homespect building inspections melbourne
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Concrete cancer occurs when the concealed steel reinforcement inside the concrete structure is affected by moisture leading to the rust and eventual corrosion of the steel. When corrosion occurs the steel expands significantly applying pressure to the surrounding concrete causing displacement. This displacement is called spalling, a visual crumbling of the exterior of the concrete.
Building inspections often uncover or identify concrete cancer. It is more commonly identified in older homes but can still be found in newer structures where poor workmanship or insufficient attention has been given to the use of protective membranes and treatments.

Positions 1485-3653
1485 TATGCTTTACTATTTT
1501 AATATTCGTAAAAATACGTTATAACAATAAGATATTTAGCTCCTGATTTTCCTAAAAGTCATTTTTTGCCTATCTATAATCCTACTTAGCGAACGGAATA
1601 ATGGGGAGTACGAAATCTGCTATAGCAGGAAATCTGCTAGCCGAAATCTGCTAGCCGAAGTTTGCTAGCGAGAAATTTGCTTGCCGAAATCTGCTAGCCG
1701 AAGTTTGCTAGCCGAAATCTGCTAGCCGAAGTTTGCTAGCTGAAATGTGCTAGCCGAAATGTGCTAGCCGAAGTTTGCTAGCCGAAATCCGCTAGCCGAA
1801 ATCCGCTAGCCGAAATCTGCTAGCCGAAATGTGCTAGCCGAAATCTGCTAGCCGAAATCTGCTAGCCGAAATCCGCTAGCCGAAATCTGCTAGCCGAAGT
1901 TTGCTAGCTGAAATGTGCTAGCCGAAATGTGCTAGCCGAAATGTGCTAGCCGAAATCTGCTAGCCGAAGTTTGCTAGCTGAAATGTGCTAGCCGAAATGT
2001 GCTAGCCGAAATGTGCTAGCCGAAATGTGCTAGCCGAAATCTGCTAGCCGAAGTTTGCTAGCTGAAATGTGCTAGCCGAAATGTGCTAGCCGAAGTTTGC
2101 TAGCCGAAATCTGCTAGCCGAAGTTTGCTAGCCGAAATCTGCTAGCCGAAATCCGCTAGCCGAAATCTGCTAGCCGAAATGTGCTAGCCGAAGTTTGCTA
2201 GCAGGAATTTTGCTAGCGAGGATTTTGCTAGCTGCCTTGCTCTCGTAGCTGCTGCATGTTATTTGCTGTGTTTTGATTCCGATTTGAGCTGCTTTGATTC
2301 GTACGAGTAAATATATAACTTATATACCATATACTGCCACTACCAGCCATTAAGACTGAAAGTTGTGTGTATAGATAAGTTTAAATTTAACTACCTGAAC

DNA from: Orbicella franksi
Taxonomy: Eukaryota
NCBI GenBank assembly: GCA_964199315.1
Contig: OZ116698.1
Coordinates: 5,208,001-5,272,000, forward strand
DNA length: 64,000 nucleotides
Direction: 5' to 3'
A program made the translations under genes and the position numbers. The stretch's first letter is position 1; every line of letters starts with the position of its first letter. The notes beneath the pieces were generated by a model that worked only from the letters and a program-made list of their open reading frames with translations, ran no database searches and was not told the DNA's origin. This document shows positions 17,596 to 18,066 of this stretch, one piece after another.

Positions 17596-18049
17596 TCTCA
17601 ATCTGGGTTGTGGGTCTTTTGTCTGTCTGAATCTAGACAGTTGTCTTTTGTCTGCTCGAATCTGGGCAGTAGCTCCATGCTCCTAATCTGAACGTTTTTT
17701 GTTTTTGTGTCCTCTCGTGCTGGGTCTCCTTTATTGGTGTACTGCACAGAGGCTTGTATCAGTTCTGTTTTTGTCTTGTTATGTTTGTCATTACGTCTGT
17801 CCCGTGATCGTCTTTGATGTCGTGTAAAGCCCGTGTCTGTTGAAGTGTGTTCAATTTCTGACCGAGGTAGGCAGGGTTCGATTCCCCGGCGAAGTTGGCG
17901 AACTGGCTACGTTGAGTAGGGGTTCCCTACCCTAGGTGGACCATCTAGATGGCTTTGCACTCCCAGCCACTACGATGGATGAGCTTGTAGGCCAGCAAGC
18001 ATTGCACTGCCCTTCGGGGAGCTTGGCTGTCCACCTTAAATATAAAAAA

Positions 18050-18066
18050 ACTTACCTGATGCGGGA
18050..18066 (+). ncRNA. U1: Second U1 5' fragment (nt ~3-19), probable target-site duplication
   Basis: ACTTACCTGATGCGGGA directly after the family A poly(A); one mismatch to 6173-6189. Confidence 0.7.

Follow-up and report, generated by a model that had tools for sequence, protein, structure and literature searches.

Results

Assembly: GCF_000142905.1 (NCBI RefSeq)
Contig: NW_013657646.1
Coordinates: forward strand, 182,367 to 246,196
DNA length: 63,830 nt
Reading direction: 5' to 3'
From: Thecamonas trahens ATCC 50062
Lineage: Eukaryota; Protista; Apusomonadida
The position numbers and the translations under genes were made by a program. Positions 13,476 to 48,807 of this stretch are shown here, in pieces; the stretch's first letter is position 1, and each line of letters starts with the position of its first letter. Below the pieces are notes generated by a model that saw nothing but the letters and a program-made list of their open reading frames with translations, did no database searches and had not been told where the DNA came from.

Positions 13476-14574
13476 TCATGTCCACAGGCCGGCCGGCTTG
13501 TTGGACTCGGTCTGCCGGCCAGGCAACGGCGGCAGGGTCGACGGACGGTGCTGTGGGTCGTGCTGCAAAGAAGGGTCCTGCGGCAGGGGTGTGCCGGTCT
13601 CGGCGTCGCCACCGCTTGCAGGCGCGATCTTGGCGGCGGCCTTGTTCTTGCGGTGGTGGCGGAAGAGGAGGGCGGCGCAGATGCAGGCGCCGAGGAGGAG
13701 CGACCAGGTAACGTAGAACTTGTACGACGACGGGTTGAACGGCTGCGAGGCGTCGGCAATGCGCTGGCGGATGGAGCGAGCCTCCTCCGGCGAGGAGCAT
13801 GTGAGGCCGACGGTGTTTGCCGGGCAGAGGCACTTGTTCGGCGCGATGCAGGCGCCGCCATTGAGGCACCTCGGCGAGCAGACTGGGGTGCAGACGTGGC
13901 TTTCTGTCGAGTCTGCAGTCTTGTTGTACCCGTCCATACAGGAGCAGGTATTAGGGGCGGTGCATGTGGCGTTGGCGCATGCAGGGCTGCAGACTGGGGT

Concrete cancer should be taken seriously as the structural integrity of a building can be impaired making some buildings safety risks.
If spalling is evidenced or concrete cancer suspected at a building inspection
and recommendations for further assessment by a specialist recommends further assessment, you should act on this advice as matter of urgency.
Concrete cancer can lay dormant without any visual signs. It can be like a time bomb. Minor cracks in concrete structures may seem harmless but within the internals of the concrete, chemical reactions could be taking place, slowly but surely reducing the strength of the concrete structure.
Concrete cancer can be treated but will require specialist assessment. If your building inspection report has recommended further assessment then you should treat this seriously, even if they only seem minor.
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